Costumes (also by Harman) hit the bull’s eye, nailing the characters’ archetypes astutely. Theo is a Kiwi fratbro all grown up, his pants running to just above the ankles. Gerry too reeks of a man uncomfortable with old age, dressed with floral patterns, which only seek to emphasise his displaced youth. Nora is all babydoll princess, infantilised in everything she wears. And Chrstine is all dresspants business woman, a telling choice of battle armour. If this sounds on the nose in theory, on stage these outfits are effective signifiers. After all, how the characters choose to present themselves speaks volumes. To quote RuPaul, “We’re born naked, everything else is drag.”
Composer Peter Edge’s score and Marcus McShane’s lighting filter the play through a nostalgic lens, occasionally shifting us from the text’s naturalistic backdrop to Nora’s interior world. Christmas fairy lights are interrupted by film noir shadows. We are constantly reminded not to get too comfortable.
It’s hard not to imagine the ways in which A Doll’s House resonated when it first premiered in Norway. But this adaptation, at its best, soars off the page, and it’s tempting to say, free from the shackles of Ibsen’s cold dead hands. In this version, Perkins also slyly posits that capitalism is the last battlefield for feminism. And while having Nora literally ask the question of what happens after capitalism is lacking subtlety, it’s a bold provocation that opens up a terrifying can of worms.
If Taylor Mac’s Hir presented us with the modern world awry with identity politics, the present in conflict with the future, Perkins’ A Doll House presents us with a present stuck in the past, gasping for air. The two plays would make a terrifying double bill, suggesting the collapse of the traditional family unit is inevitable.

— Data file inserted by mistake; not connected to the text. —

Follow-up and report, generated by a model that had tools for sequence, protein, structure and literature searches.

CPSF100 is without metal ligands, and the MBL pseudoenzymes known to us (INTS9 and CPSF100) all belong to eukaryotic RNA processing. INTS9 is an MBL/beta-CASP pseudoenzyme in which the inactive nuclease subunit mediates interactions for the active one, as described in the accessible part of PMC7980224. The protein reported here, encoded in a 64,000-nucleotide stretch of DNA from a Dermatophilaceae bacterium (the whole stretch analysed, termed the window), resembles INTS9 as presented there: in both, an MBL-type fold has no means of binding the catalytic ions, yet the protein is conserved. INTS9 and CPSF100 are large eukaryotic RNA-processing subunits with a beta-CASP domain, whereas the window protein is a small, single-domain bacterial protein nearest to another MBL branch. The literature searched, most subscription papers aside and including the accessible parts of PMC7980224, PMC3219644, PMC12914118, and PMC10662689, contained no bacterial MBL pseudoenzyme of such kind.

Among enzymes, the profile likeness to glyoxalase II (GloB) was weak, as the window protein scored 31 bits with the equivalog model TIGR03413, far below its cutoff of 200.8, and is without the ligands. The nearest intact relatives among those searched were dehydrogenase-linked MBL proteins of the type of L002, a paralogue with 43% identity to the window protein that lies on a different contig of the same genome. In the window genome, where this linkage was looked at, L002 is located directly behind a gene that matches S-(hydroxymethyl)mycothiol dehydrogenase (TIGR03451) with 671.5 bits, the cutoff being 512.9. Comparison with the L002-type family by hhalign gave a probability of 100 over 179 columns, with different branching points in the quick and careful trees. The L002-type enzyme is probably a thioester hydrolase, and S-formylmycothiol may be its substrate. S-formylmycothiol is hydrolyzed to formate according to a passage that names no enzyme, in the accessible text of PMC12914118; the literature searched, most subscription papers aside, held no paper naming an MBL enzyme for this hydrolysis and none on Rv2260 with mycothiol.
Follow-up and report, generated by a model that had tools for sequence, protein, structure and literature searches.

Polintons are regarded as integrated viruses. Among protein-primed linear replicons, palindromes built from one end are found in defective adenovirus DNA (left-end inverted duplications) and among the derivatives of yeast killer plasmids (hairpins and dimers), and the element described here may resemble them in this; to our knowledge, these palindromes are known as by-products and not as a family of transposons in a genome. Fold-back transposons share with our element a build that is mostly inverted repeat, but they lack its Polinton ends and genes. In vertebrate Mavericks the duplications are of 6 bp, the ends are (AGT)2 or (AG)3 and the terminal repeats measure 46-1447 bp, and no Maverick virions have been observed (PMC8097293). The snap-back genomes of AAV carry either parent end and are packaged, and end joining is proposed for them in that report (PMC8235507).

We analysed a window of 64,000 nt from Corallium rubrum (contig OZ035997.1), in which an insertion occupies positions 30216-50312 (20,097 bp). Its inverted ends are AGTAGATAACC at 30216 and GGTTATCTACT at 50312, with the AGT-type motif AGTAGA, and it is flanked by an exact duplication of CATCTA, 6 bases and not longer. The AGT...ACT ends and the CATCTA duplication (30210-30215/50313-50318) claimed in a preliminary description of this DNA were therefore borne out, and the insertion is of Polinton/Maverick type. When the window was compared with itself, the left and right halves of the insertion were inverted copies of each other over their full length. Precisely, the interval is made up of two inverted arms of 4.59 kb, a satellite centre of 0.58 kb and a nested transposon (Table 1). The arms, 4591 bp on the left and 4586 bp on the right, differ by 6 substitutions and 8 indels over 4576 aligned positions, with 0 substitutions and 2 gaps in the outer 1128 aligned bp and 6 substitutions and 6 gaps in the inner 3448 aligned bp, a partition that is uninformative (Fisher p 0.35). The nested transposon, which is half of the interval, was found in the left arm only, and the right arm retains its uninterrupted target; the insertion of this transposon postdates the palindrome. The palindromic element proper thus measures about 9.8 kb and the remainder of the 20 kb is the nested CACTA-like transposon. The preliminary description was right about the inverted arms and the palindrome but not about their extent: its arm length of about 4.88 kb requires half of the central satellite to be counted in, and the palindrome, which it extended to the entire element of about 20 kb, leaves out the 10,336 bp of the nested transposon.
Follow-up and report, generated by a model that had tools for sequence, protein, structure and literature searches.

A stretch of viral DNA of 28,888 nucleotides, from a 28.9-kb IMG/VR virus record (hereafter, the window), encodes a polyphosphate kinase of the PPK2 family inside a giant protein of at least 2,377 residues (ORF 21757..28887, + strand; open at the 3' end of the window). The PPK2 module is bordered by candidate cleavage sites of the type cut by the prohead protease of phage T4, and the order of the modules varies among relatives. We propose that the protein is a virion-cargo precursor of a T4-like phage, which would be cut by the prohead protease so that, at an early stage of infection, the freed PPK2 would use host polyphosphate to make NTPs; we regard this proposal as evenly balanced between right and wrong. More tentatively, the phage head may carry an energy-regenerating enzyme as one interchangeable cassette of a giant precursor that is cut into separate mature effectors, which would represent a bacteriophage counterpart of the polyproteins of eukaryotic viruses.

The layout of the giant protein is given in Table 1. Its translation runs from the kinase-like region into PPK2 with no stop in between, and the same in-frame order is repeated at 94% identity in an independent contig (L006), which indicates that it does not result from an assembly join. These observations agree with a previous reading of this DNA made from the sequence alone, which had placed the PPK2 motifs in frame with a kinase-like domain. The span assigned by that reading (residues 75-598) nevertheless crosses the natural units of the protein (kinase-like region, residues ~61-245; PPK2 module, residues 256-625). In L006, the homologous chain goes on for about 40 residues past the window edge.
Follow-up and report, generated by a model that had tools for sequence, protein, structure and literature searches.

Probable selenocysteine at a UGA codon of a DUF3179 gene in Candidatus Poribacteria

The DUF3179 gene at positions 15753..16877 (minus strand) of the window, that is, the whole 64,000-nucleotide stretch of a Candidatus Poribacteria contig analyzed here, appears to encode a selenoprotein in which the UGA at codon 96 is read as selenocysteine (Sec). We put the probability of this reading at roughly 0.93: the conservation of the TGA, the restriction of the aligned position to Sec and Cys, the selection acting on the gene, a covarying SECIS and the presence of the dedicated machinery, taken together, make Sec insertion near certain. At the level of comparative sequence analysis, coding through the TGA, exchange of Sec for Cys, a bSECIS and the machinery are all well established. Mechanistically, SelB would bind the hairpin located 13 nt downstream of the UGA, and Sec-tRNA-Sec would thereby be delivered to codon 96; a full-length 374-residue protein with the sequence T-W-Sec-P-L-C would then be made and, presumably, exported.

SPOILER ALERT FOR A 140 YEAR OLD PLAY:
The ending of the play is a difficult one. Not just the specific moment Nora chooses to leave her family behind, but the series of moments from when Theo forgives her. She goes from worrying about him leaving her to her leaving him. It’s a sudden turn that could seem messy in lesser hands, but McRae’s direction gives it a purposefully jarring whiplash. This moment is built on Nora having epiphany after epiphany, realisation after realisation, until the truth and choice is too much to bear. A voice echoes inside her. You must change your life.
Like any great piece of art, A Doll’s House asks more questions than it answers. Most urgently, Nora’s final exit opens up massive questions about the price of freedom, and at what and whose expense. It’s not the feminist masterpiece it is often touted as – no it’s a terrifyingly existential one. We are all Nora now.
An immaculate production of a devastating masterpiece.
See also: Matt Baker’s Theatre Scenes review of the original ATC production.
A Doll’s House is currently touring the South Island, finishing its run in Nelson (10th September) and Hamilton (14th September). Nathan attended the Dunedin season at Regent Theatre.